2A and Table S1). The sites were chosen to ring the binding
pocket and lie on the surface of the protein where they would be
expected to be accessible to MAG and where mutation to
cysteine and conjugation of MAG would be expected to produce
a minimal disruption to structure and function. Of the 16 sites
tested, 11 yielded functional channels that showed glutamate-
activated rises in internal calcium. Three MAG variants, MAG0,
MAG1, and MAG2 (Fig. 1E), were tested at these sites. Six of
the cysteine mutants showed optical responses to 1 or more of
the MAGs. (Table S1). Interestingly, site 486 and 2 nearby sites
in the upper lobe, 482 and 484, were found to be more strongly
activated by trans-MAG0 than cis-Mag0.
(A–D) Models of photoswitching of iGluR6 by MAG. (A–B) Line-of-sight and
matched length. Two conceptual versions of how isomerization from trans
In B, cis is too short, but trans is long enough to reach. (C) Turning the corner.
Another difference between cis and trans, in that cis is bent and can turn a
For an attachment site that is outside the binding pocket, as illustrated, the
bent cis state is favored to orient the glutamate into the binding pocket. (D)
may interfere with clamshell closure. (E) Structures of photoisomerizable
azobenzene in cis state under illumination at 380 nm and in trans state in the
dark and at 500-nm illumination. (F) Three MAG variants contain a maleimide
(G) agonist at the other end and differ only in linker length by number of
Models of state-dependent liganding by MAG and MAG structures.
of light responses in HEK293 cells expressing iGluR6 with cysteine substitution sites conjugated to MAG. Currents are elicited by near-saturating (300 ?M)
glutamate (blue bars) and by changes in wavelength from 380 to 500 nm during constant illumination (black traces). Time bars represent 25 s. (B) Two cysteine
sites activated by the cis state of the longest MAG. (C) Three cysteine sites activated by the trans state of the shortest MAG, including the sites in B.
Locations of MAG attachment and patch clamp current recordings of light responses. (A) Location of 16 residues around the glutamate-binding pocket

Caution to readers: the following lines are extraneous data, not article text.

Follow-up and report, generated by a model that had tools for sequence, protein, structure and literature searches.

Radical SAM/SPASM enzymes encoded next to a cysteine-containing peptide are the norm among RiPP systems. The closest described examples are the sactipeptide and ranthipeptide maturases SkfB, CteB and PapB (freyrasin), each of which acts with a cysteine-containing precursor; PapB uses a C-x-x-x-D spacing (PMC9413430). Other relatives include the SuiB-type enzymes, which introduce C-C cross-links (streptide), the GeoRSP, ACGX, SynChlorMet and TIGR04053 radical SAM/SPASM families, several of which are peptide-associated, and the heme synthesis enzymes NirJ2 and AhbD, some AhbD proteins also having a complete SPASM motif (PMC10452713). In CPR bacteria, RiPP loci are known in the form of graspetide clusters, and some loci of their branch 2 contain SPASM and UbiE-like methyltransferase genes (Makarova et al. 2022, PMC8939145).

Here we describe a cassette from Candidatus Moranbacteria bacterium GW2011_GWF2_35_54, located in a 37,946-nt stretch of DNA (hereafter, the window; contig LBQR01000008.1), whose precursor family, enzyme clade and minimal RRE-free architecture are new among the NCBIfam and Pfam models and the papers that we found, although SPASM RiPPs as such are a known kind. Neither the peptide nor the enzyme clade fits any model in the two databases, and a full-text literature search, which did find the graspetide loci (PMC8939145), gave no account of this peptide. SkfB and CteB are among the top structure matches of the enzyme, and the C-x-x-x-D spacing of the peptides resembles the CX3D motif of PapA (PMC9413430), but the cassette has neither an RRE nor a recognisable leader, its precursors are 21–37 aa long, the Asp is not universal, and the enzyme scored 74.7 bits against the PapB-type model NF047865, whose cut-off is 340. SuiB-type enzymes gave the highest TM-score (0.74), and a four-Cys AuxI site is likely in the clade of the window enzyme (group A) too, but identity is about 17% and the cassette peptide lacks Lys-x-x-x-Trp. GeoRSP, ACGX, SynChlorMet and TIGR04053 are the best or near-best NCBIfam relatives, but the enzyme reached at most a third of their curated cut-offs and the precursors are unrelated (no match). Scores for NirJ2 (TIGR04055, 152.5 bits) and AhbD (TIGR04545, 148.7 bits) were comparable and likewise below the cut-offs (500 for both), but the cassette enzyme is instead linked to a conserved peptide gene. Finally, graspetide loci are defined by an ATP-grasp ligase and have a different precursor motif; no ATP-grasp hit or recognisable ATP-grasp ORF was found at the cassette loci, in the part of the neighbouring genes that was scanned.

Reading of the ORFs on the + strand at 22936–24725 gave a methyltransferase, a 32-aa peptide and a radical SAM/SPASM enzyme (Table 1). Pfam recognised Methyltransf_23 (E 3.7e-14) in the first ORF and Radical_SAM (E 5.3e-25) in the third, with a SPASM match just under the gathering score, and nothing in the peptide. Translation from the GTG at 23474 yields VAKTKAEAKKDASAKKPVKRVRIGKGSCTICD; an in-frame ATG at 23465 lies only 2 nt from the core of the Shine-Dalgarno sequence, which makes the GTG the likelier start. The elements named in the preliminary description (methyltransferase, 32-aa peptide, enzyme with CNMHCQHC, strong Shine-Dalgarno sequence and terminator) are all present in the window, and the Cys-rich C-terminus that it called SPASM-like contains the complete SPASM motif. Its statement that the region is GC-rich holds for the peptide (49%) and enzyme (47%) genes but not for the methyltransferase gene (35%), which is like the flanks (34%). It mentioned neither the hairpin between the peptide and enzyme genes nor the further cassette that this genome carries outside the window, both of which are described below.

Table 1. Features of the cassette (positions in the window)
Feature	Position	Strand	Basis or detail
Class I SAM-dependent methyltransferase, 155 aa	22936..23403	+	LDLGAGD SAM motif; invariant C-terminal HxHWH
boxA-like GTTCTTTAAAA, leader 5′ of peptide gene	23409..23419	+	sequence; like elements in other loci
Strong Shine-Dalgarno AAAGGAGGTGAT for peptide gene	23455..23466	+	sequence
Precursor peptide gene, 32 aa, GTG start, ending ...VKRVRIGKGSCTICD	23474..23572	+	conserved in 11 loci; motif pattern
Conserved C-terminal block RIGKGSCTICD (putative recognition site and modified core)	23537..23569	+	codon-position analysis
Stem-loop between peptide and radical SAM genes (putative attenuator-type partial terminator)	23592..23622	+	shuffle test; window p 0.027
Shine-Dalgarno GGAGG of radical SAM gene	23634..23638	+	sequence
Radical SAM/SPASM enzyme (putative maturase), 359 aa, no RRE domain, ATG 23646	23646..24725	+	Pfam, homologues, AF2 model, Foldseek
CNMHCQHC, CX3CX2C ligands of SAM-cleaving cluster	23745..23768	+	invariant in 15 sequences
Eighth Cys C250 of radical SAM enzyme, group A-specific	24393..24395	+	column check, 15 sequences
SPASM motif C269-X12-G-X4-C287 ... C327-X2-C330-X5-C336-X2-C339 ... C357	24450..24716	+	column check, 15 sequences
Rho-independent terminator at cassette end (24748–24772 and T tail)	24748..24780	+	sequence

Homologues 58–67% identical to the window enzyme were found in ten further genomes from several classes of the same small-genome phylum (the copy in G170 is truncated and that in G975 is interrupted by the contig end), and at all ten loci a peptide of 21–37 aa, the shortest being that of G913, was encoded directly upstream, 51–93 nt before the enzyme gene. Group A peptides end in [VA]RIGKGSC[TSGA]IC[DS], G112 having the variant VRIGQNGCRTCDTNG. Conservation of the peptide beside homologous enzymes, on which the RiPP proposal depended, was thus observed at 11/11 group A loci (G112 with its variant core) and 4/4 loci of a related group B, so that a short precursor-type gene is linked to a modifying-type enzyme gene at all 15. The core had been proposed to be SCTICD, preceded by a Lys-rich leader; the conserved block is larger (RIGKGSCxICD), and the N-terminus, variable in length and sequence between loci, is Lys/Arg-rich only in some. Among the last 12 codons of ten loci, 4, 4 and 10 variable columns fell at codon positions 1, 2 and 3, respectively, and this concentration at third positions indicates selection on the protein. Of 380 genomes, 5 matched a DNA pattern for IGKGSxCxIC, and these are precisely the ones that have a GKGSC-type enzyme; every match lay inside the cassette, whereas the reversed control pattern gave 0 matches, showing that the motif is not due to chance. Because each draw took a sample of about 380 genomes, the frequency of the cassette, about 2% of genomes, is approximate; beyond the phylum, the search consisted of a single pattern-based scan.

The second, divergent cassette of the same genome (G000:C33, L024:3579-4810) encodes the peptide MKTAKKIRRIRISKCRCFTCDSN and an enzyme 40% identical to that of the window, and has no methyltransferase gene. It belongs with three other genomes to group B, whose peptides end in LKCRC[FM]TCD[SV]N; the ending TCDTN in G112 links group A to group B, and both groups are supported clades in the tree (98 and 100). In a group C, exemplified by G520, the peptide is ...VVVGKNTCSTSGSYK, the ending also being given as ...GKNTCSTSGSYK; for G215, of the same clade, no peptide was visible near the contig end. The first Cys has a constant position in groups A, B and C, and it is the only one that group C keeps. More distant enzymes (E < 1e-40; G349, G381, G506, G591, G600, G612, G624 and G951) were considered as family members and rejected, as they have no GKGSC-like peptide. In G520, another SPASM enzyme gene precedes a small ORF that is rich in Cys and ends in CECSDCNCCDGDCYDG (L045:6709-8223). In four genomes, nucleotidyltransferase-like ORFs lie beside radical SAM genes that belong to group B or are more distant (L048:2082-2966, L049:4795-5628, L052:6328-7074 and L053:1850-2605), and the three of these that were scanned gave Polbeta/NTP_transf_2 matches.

Numano et al.PNAS ?
April 21, 2009 ?
vol. 106 ?
no. 16 ?
Five of the cysteine mutants were selected for further analysis
by whole-cell patch clamping. Inward currents were measured in
voltage clamp in response to exposures to glutamate and to
illumination at 380 and 500 nm (Fig. 2 B and C). The patch clamp
analysis confirmed the calcium imaging for all of the sites
examined, with cis being more active than trans in all cases except
for MAG0 at 482, 484, and 486, where the greater activation was
in trans (Fig. 2 B and C).
Although comparing optical and glutamate responses reports
which isomer activates more strongly, it does not reveal the
degree of channel opening induced by either isomer. To deter-
mine this, we measured dose–response curves for inhibition of
MAG activation by the competitive antagonist DNQX (Fig. 3).
Responses to glutamate, 380-nm light, and 500-nm light were
measured in the absence of DNQX, and then various concen-
trations of DNQX (ranging over 3 orders of magnitude, up to the
millimolar solubility limit) were washed on, and photocurrents
were measured under illumination at 380 and 500 nm (Fig. 3 A
and B). The fractional currents, normalized to the glutamate
response, were plotted against DNQX concentration (Fig. 3 C
and D). As can be seen from this analysis (Fig. 4), some sites,
such as 439, activated almost exclusively in 1 state for all 3 of the
MAGs, whereas other sites, such as 482, were strongly and
almost equally activated by both isomers for all 3 of the MAGs.
Site 439 was the best of the cis activators and site 486 was the best
preference (Figs. 2–4). iGluR6(439C)-MAG0 showed the big-
gest change in effective concentration that we observed of all of
the sites, with an ?120-fold-higher DNQX IC50 in cis than in
trans (Fig. 3C).
Whereas at 2 sites (482 and 486) the short MAG0 activated in
trans and the longer MAGs activated in cis, as one might expect
for a ‘‘reach’’ mechanism (Fig. 1B), at other sites (e.g., 439) the
cis isomer activated well for all 3 of the MAGs (Fig. 5 and Table
S1). This illustrated that a more sophisticated structural analysis
is required to understand the mechanistic basis for photoacti-
vation. Because the opposite behavior (cis activating vs. trans
activating) observed for Mag0 at sites 439 and 486 is interesting